I think all these events are related and somehow show that their are demonic influences (albeit weak) trying to pull me away from the right path.

For the record I'm rational, normal, and was completely sober when this happened. I believe the uptick in these events is directly correlated to getting closer to God.
 
monsquid said:
Is attending church necessary to accept Jesus for a newcomer? Or is it enough just to self study and pray.

The New Testament epistles were written not just to people, but to churches. The assumption throughout is that Christians will congregate to worship God and help one another in the faith. For the majority of us, the Christian life will always be something communal.

No reason not to do all of the above - accept Jesus, go to church, study, and pray.
 

ilostabet

Pelican
Orthodox Inquirer
A friend of mine, who was agnostic, just texted me that he had a revelation last night, and has accepted Jesus as his Lord and Savior.

Praise be to God for opening his heart.
 

Paracelsus

Crow
Gold Member
Emperor Constantine said:
monsquid said:
Is attending church necessary to accept Jesus for a newcomer? Or is it enough just to self study and pray.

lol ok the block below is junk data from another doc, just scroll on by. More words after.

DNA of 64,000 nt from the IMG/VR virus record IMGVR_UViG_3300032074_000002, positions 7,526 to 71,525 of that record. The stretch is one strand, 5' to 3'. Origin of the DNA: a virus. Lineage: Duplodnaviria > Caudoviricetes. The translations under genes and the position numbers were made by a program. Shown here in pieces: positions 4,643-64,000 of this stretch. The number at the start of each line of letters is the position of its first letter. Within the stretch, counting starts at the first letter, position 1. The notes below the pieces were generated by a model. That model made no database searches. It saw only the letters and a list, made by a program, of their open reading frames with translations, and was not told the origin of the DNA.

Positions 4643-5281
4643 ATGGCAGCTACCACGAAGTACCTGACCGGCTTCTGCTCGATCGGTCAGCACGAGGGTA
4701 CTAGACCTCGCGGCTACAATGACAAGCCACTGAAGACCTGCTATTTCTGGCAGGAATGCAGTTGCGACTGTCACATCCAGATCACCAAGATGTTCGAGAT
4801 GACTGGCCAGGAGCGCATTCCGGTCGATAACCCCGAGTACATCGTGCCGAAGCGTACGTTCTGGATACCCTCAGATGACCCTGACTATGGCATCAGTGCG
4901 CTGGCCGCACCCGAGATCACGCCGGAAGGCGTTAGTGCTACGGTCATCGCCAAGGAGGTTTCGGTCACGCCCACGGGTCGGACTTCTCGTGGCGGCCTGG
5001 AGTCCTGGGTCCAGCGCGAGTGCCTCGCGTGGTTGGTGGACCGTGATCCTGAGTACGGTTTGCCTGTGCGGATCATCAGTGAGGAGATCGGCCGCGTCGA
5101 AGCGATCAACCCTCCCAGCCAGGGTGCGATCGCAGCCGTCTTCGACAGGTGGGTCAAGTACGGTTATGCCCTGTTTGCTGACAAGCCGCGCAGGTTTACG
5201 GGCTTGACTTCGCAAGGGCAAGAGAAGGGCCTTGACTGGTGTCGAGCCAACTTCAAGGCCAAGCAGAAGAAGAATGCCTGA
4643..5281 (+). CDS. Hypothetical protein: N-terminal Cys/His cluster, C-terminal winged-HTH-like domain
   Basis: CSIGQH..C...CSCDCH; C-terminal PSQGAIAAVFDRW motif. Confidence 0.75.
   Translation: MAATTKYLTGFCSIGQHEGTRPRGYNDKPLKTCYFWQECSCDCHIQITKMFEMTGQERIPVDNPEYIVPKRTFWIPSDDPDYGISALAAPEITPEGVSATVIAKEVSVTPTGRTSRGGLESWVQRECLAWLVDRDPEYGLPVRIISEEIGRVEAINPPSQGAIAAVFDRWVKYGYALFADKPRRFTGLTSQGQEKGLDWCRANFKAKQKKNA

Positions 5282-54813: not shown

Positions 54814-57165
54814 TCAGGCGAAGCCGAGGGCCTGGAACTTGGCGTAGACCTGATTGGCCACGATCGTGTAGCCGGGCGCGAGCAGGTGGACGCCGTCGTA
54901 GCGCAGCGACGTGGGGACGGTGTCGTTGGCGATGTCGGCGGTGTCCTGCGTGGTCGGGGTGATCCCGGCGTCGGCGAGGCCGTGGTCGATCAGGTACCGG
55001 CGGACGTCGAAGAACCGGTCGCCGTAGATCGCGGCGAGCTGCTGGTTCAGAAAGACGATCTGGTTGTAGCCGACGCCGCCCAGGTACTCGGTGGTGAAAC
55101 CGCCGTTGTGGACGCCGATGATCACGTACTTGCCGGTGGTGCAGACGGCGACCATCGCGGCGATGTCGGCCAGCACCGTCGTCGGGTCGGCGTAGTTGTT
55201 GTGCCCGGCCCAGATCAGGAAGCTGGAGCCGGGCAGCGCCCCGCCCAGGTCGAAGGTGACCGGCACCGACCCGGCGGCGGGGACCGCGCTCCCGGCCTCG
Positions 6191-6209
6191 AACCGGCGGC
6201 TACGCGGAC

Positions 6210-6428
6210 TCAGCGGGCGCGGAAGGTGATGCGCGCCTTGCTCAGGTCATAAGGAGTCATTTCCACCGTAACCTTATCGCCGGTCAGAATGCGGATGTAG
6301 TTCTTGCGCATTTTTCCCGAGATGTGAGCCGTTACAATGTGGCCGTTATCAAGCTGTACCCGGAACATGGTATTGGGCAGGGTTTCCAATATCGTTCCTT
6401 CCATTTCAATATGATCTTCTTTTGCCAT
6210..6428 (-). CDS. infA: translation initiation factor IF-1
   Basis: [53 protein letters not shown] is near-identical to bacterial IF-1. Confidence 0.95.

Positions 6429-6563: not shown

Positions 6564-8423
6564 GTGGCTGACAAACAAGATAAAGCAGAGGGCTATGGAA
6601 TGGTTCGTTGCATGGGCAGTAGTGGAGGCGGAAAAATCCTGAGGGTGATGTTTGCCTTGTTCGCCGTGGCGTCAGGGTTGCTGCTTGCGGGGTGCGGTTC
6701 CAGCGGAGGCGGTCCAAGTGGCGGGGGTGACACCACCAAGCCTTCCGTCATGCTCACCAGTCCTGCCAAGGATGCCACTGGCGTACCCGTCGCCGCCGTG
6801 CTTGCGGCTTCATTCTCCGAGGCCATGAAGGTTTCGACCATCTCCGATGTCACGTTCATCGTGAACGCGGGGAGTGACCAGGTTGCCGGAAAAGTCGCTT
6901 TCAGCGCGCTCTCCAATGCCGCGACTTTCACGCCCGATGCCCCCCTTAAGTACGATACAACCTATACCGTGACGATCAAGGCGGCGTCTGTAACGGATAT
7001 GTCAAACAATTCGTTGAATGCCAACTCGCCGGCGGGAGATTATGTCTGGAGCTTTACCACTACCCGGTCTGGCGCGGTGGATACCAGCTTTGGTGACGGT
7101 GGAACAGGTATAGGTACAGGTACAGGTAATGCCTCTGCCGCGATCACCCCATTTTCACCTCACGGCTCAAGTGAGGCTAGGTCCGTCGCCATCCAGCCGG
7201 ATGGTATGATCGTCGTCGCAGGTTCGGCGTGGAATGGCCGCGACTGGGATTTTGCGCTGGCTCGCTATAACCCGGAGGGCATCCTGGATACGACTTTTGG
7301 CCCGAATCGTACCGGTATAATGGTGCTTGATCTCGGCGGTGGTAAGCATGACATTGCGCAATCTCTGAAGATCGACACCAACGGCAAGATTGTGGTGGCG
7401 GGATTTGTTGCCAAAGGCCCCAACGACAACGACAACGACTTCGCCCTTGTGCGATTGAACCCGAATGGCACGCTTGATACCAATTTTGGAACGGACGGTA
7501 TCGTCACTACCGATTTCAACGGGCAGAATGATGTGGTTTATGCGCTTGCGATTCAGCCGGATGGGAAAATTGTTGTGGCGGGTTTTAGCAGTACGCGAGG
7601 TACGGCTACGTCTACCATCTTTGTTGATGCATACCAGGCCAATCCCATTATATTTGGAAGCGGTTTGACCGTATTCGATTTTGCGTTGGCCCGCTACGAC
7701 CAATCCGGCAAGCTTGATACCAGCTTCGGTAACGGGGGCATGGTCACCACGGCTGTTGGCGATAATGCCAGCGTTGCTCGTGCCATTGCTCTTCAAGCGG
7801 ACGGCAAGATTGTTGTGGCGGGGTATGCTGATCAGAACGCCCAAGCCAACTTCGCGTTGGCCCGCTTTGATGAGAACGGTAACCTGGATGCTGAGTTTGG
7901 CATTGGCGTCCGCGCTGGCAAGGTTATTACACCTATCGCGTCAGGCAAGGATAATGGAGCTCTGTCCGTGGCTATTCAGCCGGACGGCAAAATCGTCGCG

The New Testament epistles were written not just to people, but to churches. The assumption throughout is that Christians will congregate to worship God and help one another in the faith. For the majority of us, the Christian life will always be something communal.

No reason not to do all of the above - accept Jesus, go to church, study, and pray.

Additionally, for the Catholic tradition specifically, the Mass is seen as the highest form of worship that we can offer on Earth, for it involves the renewal of and celebration of Christ's sacrifice at Easter. It is to follow his request at the Last Supper: "Whenever you do this, do it in memory of Me." By Christ's word, he is present at the Mass: "Wherever two or more of you gather in My name, I am there amongst you."

Leaving aside that it is one of the focal points of Catholic if not Christian worship, the Catholic tradition also holds that grace upon grace is granted in a Mass attended devoutly. Per St. John Paul II, "The Church believes that she will be heard, for she prays in union with Christ her Head and Spouse, who takes up this plea of His Bride and joins it to His own redemptive sacrifice."

Self study and prayer is certainly a part of Christian life, daily certainly, but the Mass is a special grace, and should become part of that life when you are able to attend it.
 

Athanasius

Pelican
Protestant
We do not have the original copies of the Scriptures. Nor do we have the original copy of any ancient historical writing that I know of. Many of them are far removed from their original source. Cause for concern? No.

This is a complex topic, but here is a good presentation by James White on it for those interested.

 

Rob Banks

Pelican
I just ordered a Bible online that was recommended to me by an SSPX priest. It arrived today, and on the title page it says "translated from Latin vulgate."